Something that I don’t think most people think about are comics that don’t seem like comics. That is, comics that are, at least by most definitions, indeed comics but almost no one thinks of them in those terms. In fact, I think most everybody seems to encounter comics like these in both the youth and as an adult: illustrated instruction manuals for putting things together. And the two most classic examples of those are the ones for Legos and Ikea furniture.

Think about it for a moment. You have a series of sequential illustrations, each one displaying either an action or the results of an action. Read in order, they convey instructions for how to build a spaceship or a bookcase. “Juxtaposed pictorial images in a deliberate sequence, intended to convey information” to slightly bastardize Scott McCloud’s definition. While they’re not ground-breaking in their designs, nor are their messages deep and meaningful, I think most academics would agree that they are indeed comics.

“OK, fine,” you might think. “They’re comics. But what does that have to do with webcomics? Those are printed instructions you get with those Lego kits and assemble-it-yourself furniture.”

True, but those kits aren’t generally shipped out to stores until their website has information about them online. Frequently including those instructions. They appear on the websites before anyone has a printed copy in their hands. If they debut, then, online, doesn’t that make them webcomics?

“Not so fast, smart guy! They’re not webcomics because they’re posted as PDFs. You can’t view them through a browser; you have to use proprietary software from Adobe. So at most, they’re digital comics, not webcomics! (Ha! I’ll throw your own rules back in your face, you think you’re so smart!)”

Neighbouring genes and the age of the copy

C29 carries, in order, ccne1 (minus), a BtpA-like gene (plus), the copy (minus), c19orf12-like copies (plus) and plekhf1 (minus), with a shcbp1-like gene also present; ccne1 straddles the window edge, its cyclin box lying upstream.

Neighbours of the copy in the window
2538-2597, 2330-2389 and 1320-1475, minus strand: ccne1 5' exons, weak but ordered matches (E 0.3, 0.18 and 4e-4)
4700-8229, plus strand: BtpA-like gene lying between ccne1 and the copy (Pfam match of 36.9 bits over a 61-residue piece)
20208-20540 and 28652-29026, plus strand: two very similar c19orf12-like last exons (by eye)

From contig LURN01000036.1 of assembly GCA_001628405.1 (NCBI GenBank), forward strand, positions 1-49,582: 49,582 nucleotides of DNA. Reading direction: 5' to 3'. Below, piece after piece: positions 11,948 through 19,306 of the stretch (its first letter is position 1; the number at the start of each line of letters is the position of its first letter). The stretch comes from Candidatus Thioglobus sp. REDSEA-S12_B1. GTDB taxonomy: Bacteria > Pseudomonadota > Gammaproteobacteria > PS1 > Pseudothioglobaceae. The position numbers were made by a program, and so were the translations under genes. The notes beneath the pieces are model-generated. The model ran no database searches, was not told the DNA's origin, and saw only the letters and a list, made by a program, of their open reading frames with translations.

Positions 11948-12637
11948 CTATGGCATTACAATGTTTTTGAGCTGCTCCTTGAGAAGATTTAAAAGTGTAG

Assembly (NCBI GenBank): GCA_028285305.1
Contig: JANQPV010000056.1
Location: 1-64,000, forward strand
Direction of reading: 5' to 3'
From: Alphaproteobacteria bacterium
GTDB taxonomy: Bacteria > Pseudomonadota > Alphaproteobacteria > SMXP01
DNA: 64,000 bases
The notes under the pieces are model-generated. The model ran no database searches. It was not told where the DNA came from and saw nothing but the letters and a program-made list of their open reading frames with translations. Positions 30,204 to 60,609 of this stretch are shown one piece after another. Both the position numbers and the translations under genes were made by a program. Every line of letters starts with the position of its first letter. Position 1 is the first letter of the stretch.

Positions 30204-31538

For the official Ikea and Lego instruction manuals, I’ll grant you that those aren’t webcomics since those do indeed get posted as PDFs. And I’ll even note that most corporate manuals along these lines are also PDFs—they all have to be printed up anyway, so they’re designed to be printed and making that version a PDF is the quickest/easiest way to get them online as well.

However, certainly with both Lego and Ikea, there are a great many people who use the parts that come in the kits to build something other than what the instructions suggest. And many of those people write up their instructions to share with others. “Here’s how I built my cool thing, so you can build one too!” And those are frequently put up as a series of simple image files (often photos instead of illustrations) embedded on a web page.

Which makes those webcomics. And the makers that built that cool-looking stuff from a seemingly random pile of parts from multiple kits are, without knowing it, webcomikers.

  • Instruction sheets are comics when they have drawings and are then webcomics when displayed on the web. This is an interesting and very minor point. I would prefer that Freaksugar have a webcomics column that covered the form and substance of webcomics, especially as distinct from printed comics.

    For instance, and especially pertinent to today’s column, webcomics can include moving graphics, which can clarify instructions. More globally, the ability to include moving graphics can be used for creative and artistic purposes by the writer of a webcomic, and this unique factor (there are certainly others) render webcomics as a new form with new possibilities for communicating about deeply human things. It is this quality of webcomics that I’d like to see covered in a regular webcomics column.